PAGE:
Kennedy has traveled intensively in Switzerland, journeys that have at once inspired and informed her writing. She has also published many short-stories and articles in a variety of publications from the Denver Post to the Business Communications Quarterly.

martha-kennedy

Kennedy was born in Denver, Colorado and earned her undergraduate degree in American Literature from University of Colorado, Boulder, and her graduate degree in American Literature from the University of Denver. She has taught college and university writing at all levels, business communication, literature and English as a Second Language. For many years she lived in the San Diego area, but has recently returned to Colorado to live in Monte Vista in the San Luis Valley.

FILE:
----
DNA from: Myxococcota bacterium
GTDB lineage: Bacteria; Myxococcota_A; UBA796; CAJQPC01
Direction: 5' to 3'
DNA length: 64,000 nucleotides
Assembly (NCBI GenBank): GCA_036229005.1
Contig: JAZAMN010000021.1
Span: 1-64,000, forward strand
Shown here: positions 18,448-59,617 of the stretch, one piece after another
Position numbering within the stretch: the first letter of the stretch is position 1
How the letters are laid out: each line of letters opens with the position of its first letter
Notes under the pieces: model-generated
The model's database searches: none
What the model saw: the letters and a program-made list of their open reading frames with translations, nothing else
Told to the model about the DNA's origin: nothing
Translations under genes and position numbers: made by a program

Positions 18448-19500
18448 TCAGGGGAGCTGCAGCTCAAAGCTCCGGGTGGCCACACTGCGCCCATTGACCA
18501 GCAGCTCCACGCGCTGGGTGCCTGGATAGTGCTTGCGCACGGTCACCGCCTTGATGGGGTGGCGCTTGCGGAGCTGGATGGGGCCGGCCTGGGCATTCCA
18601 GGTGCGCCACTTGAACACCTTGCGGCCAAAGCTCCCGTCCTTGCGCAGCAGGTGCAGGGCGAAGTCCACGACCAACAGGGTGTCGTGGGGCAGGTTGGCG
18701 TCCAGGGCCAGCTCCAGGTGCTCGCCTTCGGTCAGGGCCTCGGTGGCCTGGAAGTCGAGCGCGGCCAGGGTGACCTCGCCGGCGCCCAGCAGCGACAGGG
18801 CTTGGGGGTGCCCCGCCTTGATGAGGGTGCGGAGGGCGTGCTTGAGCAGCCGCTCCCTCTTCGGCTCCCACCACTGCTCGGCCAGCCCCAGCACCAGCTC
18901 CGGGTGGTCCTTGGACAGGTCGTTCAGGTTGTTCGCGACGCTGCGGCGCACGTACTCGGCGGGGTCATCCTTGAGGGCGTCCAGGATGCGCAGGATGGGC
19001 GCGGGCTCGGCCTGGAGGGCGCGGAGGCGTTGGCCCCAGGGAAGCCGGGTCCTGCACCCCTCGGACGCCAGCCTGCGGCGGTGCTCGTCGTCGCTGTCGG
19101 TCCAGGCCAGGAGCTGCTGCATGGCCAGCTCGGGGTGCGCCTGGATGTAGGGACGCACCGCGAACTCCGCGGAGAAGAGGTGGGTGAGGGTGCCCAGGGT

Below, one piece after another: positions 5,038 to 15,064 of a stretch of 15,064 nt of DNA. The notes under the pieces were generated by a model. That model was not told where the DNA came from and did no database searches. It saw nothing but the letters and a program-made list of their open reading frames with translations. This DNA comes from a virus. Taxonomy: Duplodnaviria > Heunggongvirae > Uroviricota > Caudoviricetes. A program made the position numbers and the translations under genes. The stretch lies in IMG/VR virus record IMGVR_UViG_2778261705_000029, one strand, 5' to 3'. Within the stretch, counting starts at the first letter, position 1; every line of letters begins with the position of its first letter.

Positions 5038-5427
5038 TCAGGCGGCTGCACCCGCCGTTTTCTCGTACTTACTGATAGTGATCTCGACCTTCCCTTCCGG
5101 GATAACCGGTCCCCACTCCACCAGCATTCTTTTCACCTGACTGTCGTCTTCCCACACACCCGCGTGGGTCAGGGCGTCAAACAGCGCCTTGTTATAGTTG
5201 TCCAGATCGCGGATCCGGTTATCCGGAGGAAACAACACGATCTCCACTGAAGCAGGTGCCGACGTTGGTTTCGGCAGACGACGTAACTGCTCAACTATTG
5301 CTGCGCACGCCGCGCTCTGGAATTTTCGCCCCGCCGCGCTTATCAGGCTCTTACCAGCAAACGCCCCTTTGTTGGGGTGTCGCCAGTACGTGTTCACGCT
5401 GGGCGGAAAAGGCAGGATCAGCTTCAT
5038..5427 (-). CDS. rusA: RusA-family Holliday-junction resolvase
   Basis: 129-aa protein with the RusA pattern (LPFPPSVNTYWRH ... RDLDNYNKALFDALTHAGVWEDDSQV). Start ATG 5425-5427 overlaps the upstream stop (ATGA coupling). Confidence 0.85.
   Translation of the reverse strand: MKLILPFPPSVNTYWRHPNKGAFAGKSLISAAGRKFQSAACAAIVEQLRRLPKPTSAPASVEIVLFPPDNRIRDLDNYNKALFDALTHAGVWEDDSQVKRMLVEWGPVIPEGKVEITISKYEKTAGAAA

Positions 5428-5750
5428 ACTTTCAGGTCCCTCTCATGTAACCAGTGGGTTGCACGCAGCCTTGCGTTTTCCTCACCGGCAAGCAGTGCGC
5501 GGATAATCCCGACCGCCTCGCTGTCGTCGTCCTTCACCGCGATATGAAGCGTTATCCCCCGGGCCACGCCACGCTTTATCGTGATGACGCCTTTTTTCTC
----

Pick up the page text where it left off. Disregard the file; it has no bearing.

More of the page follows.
All of Martha Kennedy’s novels are available in both paperback and ebook formats from Amazon, Barnes & Noble, iTunes and other online booksellers. You can also contact the author!

*********

Follow Martha Kennedy to learn more about the author and her books at her website, Facebook, Amazon, Goodreads, Twitter, Indie B.R.A.G. author page, or her Savior blog and Facebook pages, and the Martin of Gfenn webpage.

*********

Photos courtesy Martha Kennedy

slv-book-fair
Author Martha Kennedy will be signing books at the San Luis Valley Book Fair on December 2. (Click image for more details.)

This post has been updated to replace the copy of Martin of Gfenn‘s cover with the second edition image and add a link to author bio.

950: 1066 Remembered, Guest Blog: “Senlac Ridge”